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by Los Angeles Anarchists
Friday, Feb. 12, 2010 at 2:34 PM
Reportback & Analysis of 'Anarchy in Riverside' & Some Thoughts on 'Building the Party'
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This past Saturday, February 6th, there was an anarchist event in Riverside titled "Anarchy in Riverside".
It was held in the basement of Back to the Grind in downtown Riverside & organized into two parts. The first part, the meeting/conference portion of the event, was scheduled to be from 12 PM to 5 PM & the fun/entertainment portion to be from 7 PM - 10 PM.
During the meeting portion, the Inland Empire Feminist Collective, Modesto Anarcho, & Dana Ward were to hold workshops & at the end there was to be a round-table discussion on "what to do next" in Riverside. During the entertainment portion, the notorious homeless jug band from Santa Cruz, Blackbird Raum, was to play as well as Corona legends, Acoustic Destroyer & some other musicians.
I arrived halfway into the workshops, catching the tail end of Modesto Anarcho & staying for Dana Ward's lecture & the roundtable discussion.
While Dana Ward was preparing to speak, I remember thinking the lecture was going to be exhausting & heavily academic, but to my surprise when he began his talk on anarchist infrastructure & worker cooperatives, I warmed up to him & thoroughly enjoyed his lecture.
His lecture was not only thorough in his explanation of the history of anarchist theory on infrastructure, but he was able to drop big name anarchists in a way that was tangible & easy to understand. He also comprehensively explained anarchist & non-anarchist worker cooperatives while keeping the attention span of the room.
Towards the end of the lecture, a debate broke out between a member of Modesto Anarcho & Dana Ward. The issue seemed to be that a member of Modesto Anarcho was concerned that anarchist worker cooperatives would create a "self-managed prison" & Dana Ward argued against that concern, claiming that wouldn't occur given everyone involved in the business would decide what happens and create an entirely different concept of what a business is. (For analysis from the Modesto Anarcho member's perspective & the ensuing debate in the comments section see: Vengeance) The ironic ending of the debate was, because of what I perceive as the Modesto Anarcho member's lack of clarity in his concern, that Dana Ward ended up questioning the class of his debater in a way that pondered whether he was from a middle class background and arguing against work itself. For those not in the know, Modesto Anarcho unabashedly represents themselves as a working class anarchist crew.
After a short break, a somewhat awkward round-table discussion was initiated in which it seemed that the facilitator of the discussion was unprepared to guide the discussion. Due to the lack of direction, the discussion never took off as participants vaguely talked about doing projects or combating local struggles. Perhaps the outcome was partly due to the lack of facilitation & direction with the discussion & also because it appeared many of the participants were strangers or acquaintances to each other. Either way it was an awkward solemn discussion.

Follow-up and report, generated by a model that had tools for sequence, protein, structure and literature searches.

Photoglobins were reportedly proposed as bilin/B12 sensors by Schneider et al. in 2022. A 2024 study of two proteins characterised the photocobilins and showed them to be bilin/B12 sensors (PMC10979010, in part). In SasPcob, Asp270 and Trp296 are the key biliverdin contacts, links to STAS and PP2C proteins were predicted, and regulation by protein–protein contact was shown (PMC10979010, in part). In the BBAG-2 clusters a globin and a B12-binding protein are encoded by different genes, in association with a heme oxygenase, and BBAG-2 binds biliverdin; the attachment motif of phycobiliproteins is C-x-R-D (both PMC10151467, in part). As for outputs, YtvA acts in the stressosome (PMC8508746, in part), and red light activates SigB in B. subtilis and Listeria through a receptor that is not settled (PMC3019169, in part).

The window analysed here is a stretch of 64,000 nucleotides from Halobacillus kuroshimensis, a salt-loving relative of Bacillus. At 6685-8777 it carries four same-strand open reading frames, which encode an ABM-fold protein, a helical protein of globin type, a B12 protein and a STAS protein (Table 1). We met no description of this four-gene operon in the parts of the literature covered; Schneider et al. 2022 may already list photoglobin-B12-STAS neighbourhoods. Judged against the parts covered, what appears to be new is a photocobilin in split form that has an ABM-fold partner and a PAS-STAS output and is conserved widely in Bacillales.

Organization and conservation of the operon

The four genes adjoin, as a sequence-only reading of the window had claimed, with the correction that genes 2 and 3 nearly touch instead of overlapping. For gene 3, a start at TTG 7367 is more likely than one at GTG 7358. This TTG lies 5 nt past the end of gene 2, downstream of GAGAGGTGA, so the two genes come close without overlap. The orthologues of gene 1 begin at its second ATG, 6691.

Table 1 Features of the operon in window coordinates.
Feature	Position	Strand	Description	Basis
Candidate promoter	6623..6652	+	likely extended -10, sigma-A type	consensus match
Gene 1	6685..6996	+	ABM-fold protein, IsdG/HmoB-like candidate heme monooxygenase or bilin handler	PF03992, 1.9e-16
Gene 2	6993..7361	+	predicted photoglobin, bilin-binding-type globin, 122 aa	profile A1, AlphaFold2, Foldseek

In regards to the first two workshops, people I conversed with who were at the workshops told me Inland Empire Feminist Collective's meeting was dull & under-attended and a majority of people I talked to about the Modesto Anarcho workshop enjoyed what they brought to the table. Modesto Anarcho is well-known for critiquing anarchist projects that end up becoming another form of charity & strategizing around finding & takings sides in tensions in the community as well as using direct action & solidarity to build alliances around these tensions. (For a more detailed expose of these two workshops, once again see: Vengeance)
Though the show was planned to be at Back to the Grind, Riverside police shut down the show on the basis that the image on the flier of the accordion player from Blackbird Raum was sacrilegious in relation to Jesus.
The show was moved to a house down the street from Back to the Grind & though I didn't attend the show, a friend who did reported that the show was fun but disappointing. Disappointing because the majority of the crowd didn't attend the conference portion & appeared to be of that social clique merely following the trends of punk rock through the years without seriously involving themselves in the movement. Go figure.
Overall the event was alright. At the event I heard talk of building off this event & having continual local Riverside County anarchist events & I hope that does happen. If so, in hindsight this event will have been a nice start to build momentum but if not, then a depressing example of an anarchist movement never begun.
We need continuous monthly or periodic anarchist serious & fun social events so that we can help build the movement. It is essential we find each other & create tight affinities so we can struggle together at school, in the workplace, & in the streets. Alienated, alone & compromising our beliefs & actions amongst people who don't & may never share our beliefs will get us nowhere. "All friendship is political".
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